[Methyl-3 H]thymidine with a specific activity of 5 Ci/mM was used at a concentration of 1 mCi/ml. Lysostaphin, with a specific activity of 240 U/ml, was diluted in PBS so that 1 ml contained 10 u of activity. Trypsin was used at a concentration of 0.25%.
Venous blood was first obtained from 18 normal donors who had no history of reactions to iodine containing materials, and then was heparinized (10 U/ml). The heparinized blood was diluted 20% with PBS and added to a mixture of 16 ml of PBS and 16 ml of 2% methylcellulose. After thorough mixing, the preparation was allowed to stand for 60 minutes to 23° C. The leukocyte layer was removed and contaminating RBCs removed by hypotonic lysis. The cells were then washed in PBS and the final suspension in HBSS adjusted to 107 PMN/ml. Differential counts of the leukocytes revealed 75% to 85% of cells were polymorphonuclear leukocytes (PMNs).
Staphylococcus aureus (502A) was incubated at 37° C. in TSB for 19 hours, centrifuged at 1300 g for 20 mins, and washed in 10 ml in PBS three times. The final adjustment to the desired concentration was made by measurement of optical density at 620 mM. The actual number of organisms was determined by measuring the number of colony forming units (CFU) after the incubation period. When radiolabeled organisms were required, 60 microcuries of [methyl-3 H]thymidine was added to each 10 ml of TBS at the start of the 18 hour incubation.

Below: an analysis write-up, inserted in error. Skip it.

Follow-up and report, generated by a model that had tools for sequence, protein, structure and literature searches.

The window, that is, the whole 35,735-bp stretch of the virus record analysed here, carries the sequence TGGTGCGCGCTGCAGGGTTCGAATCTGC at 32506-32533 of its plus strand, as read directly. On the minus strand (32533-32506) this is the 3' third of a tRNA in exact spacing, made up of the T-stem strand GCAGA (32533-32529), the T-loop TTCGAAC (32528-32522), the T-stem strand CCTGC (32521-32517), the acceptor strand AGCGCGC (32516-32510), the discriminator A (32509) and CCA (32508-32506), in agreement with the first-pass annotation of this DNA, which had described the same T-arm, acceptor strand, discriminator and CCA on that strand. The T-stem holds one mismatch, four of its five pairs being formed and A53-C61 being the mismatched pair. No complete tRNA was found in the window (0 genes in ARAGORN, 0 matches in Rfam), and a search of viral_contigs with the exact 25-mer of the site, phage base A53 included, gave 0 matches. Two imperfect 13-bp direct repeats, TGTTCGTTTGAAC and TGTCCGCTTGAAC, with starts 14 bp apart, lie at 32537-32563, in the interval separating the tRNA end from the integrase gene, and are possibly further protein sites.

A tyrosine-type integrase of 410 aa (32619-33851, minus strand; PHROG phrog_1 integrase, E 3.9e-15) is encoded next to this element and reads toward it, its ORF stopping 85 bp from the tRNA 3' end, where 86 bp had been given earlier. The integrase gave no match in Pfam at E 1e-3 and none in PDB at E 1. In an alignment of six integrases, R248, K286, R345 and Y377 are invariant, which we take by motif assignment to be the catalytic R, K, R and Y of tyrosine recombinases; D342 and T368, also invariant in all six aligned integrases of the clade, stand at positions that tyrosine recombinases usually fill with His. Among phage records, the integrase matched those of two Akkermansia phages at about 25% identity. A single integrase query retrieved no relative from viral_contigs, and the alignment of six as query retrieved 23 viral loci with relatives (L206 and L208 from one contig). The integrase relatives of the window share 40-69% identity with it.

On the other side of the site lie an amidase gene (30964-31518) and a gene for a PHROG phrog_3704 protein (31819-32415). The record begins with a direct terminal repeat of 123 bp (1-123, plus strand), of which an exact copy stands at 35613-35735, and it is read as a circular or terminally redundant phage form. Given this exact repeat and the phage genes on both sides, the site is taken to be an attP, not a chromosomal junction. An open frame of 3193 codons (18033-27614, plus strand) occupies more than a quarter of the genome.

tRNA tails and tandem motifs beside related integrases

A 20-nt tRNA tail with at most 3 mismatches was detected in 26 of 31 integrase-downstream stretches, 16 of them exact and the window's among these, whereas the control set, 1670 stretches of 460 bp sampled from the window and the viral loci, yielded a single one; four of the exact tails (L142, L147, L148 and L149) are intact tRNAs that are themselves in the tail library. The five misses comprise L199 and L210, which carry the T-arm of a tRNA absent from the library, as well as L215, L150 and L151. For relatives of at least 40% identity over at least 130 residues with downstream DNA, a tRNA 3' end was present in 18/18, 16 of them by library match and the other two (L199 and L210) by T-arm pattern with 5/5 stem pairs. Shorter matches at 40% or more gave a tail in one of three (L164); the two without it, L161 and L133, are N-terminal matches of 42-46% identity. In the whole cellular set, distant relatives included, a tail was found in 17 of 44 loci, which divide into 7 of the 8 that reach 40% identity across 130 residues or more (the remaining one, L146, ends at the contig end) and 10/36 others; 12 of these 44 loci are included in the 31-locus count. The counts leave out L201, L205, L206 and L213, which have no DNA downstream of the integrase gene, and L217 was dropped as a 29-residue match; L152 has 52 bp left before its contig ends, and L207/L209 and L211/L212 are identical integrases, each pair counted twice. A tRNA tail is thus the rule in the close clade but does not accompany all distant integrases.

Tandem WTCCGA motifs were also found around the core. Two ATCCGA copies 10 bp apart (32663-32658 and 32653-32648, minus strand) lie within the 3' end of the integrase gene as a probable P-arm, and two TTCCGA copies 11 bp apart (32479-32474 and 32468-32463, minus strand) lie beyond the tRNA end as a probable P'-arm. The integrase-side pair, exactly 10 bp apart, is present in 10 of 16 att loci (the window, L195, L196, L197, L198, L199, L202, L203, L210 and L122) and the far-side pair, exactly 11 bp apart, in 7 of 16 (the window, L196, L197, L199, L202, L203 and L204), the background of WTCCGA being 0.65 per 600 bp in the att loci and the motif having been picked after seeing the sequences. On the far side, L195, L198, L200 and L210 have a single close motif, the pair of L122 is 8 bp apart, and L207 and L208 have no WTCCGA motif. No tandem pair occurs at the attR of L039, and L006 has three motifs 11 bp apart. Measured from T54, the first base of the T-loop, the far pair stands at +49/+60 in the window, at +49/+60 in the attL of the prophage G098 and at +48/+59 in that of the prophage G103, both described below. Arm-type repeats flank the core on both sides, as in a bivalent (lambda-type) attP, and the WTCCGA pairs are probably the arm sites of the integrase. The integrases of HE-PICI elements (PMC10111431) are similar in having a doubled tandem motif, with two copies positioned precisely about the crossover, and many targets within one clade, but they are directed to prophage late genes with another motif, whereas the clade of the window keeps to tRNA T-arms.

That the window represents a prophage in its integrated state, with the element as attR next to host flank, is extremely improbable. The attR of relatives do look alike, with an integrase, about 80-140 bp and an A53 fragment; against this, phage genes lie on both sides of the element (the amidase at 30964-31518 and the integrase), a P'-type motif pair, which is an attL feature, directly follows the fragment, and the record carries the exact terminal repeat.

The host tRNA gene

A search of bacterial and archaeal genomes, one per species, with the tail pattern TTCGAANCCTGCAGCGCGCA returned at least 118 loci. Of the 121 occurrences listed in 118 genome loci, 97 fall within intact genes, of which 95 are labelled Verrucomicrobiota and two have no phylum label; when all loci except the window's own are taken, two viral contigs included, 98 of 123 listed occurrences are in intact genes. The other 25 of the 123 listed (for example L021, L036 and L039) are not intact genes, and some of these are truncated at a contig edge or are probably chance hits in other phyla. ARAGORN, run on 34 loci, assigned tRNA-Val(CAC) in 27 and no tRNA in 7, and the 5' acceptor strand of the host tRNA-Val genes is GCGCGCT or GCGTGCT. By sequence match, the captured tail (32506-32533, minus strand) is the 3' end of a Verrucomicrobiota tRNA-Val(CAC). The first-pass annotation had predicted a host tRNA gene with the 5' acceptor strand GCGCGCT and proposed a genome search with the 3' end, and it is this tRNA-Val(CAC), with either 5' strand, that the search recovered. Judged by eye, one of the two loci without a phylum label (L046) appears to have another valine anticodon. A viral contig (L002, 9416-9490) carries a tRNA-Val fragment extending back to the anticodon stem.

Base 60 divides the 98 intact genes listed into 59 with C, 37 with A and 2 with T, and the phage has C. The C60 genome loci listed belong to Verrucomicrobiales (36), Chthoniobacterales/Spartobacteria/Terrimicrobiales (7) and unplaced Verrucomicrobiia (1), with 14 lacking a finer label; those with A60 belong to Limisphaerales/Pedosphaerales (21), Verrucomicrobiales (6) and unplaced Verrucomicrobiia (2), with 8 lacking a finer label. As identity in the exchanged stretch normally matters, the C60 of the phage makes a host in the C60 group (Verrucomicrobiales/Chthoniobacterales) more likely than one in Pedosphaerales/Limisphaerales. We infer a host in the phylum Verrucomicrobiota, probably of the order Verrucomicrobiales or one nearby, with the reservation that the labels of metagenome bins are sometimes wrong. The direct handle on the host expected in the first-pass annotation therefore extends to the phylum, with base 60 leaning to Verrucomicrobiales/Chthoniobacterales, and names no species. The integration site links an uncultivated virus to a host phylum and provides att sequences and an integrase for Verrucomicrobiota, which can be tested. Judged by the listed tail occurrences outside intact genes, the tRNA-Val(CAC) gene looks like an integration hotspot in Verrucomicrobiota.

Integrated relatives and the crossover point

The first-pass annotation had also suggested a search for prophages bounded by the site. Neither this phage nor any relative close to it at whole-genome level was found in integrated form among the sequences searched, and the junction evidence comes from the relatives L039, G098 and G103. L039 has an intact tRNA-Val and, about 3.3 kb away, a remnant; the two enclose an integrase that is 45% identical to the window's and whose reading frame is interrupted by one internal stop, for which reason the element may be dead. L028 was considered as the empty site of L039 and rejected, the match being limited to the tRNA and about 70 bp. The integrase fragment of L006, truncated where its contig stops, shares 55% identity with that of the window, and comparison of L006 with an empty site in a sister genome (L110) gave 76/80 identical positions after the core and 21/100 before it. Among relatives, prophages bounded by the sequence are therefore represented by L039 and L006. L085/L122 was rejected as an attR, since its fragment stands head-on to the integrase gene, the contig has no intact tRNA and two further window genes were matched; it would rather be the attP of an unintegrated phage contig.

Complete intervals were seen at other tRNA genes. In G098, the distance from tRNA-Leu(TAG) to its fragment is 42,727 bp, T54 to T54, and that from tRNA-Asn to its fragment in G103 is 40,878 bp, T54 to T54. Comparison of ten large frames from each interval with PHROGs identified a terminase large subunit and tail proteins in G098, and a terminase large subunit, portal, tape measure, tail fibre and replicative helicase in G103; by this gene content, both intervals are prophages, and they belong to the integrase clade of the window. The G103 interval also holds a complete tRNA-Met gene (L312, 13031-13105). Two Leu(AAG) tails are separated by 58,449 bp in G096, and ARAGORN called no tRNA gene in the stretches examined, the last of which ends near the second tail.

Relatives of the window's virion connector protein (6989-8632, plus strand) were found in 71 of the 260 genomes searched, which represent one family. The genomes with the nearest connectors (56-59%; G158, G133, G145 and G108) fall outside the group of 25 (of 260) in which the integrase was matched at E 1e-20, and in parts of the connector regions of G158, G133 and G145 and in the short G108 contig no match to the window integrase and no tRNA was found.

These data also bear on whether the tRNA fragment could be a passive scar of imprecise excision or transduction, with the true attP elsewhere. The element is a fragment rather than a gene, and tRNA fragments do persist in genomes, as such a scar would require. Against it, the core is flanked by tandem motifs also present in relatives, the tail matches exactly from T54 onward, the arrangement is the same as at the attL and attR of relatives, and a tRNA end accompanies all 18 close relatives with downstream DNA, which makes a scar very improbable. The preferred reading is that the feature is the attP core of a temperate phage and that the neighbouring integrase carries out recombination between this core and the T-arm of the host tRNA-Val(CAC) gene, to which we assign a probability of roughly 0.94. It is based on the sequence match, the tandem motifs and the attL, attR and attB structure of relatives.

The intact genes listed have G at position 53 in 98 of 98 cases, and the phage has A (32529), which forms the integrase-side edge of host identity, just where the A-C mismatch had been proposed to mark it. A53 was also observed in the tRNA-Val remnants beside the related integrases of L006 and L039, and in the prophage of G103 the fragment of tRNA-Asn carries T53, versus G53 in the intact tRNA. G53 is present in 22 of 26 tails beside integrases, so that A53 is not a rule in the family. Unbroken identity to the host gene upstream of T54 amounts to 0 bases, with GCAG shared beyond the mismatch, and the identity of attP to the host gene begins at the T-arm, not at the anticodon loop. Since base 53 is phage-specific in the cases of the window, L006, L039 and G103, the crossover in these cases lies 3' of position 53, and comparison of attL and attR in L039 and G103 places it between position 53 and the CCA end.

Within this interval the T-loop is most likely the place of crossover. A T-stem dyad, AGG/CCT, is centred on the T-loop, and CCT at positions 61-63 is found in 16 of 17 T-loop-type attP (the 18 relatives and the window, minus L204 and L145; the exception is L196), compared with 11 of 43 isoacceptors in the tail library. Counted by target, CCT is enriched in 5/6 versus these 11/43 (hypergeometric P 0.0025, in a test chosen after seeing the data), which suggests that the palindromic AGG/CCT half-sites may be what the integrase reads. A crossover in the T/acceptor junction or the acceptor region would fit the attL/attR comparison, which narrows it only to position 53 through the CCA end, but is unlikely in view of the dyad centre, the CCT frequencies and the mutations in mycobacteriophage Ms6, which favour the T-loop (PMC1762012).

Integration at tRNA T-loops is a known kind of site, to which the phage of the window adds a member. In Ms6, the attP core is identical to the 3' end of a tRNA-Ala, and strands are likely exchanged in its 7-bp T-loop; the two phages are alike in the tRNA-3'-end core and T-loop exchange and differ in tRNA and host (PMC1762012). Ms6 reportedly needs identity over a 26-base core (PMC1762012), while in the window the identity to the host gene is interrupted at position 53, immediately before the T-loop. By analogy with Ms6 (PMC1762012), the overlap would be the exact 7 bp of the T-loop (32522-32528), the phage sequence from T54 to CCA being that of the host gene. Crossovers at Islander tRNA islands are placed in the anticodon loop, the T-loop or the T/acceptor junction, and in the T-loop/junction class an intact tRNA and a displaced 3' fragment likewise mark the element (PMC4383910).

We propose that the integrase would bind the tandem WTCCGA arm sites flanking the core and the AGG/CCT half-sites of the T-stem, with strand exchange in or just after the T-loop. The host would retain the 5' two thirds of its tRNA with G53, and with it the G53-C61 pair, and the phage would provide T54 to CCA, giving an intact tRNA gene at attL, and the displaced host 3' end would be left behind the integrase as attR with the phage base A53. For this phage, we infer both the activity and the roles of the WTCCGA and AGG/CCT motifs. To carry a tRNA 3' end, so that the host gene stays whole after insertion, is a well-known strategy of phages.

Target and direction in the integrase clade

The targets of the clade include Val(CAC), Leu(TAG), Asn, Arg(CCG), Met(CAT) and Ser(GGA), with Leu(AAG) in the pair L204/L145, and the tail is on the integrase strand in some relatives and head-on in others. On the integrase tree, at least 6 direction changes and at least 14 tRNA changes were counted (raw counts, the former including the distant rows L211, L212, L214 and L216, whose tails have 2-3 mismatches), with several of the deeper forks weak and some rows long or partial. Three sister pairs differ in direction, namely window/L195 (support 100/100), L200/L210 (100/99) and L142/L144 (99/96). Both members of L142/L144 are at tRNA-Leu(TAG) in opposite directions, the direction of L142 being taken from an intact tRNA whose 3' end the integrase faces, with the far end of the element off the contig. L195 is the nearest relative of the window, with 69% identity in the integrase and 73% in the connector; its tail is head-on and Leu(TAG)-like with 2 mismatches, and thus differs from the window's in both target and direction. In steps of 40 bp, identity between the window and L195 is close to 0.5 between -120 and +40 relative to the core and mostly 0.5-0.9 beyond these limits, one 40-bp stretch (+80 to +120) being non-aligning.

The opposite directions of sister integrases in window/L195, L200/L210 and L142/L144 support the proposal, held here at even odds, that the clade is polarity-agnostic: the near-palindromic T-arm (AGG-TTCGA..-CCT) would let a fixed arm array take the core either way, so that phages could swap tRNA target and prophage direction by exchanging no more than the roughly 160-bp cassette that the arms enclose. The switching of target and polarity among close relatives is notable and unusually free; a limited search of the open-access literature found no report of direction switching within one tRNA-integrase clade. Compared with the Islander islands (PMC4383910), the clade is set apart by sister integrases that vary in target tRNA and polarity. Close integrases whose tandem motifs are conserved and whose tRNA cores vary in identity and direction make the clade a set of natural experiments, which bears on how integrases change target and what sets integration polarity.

The bacteria were opsonized with 10% autologous serum for 30 minutes at 37° C. and washed twice.
Chemiluminescence of the leukocyte suspension in response to IEE particles was assayed at 37° C. A 1 ml suspension consisting of 2×106 PMNs/ml, and IEE particles (at 25:1 and 100:1 ratio of IEE:PMN) in HBSS was tumbled at 37° C. in 5% CO2 atmosphere. At 15 and 30 minutes, 0.05 ml of the suspension was placed in an autoanalyzer cup containing 0.01 of luminol (final concentration of 0.01 mM). Chemiluminescence was measured in a scintillation counter operating in an off-coincidence mode. Each vial was recorded for 6 seconds and all vials were counted twice.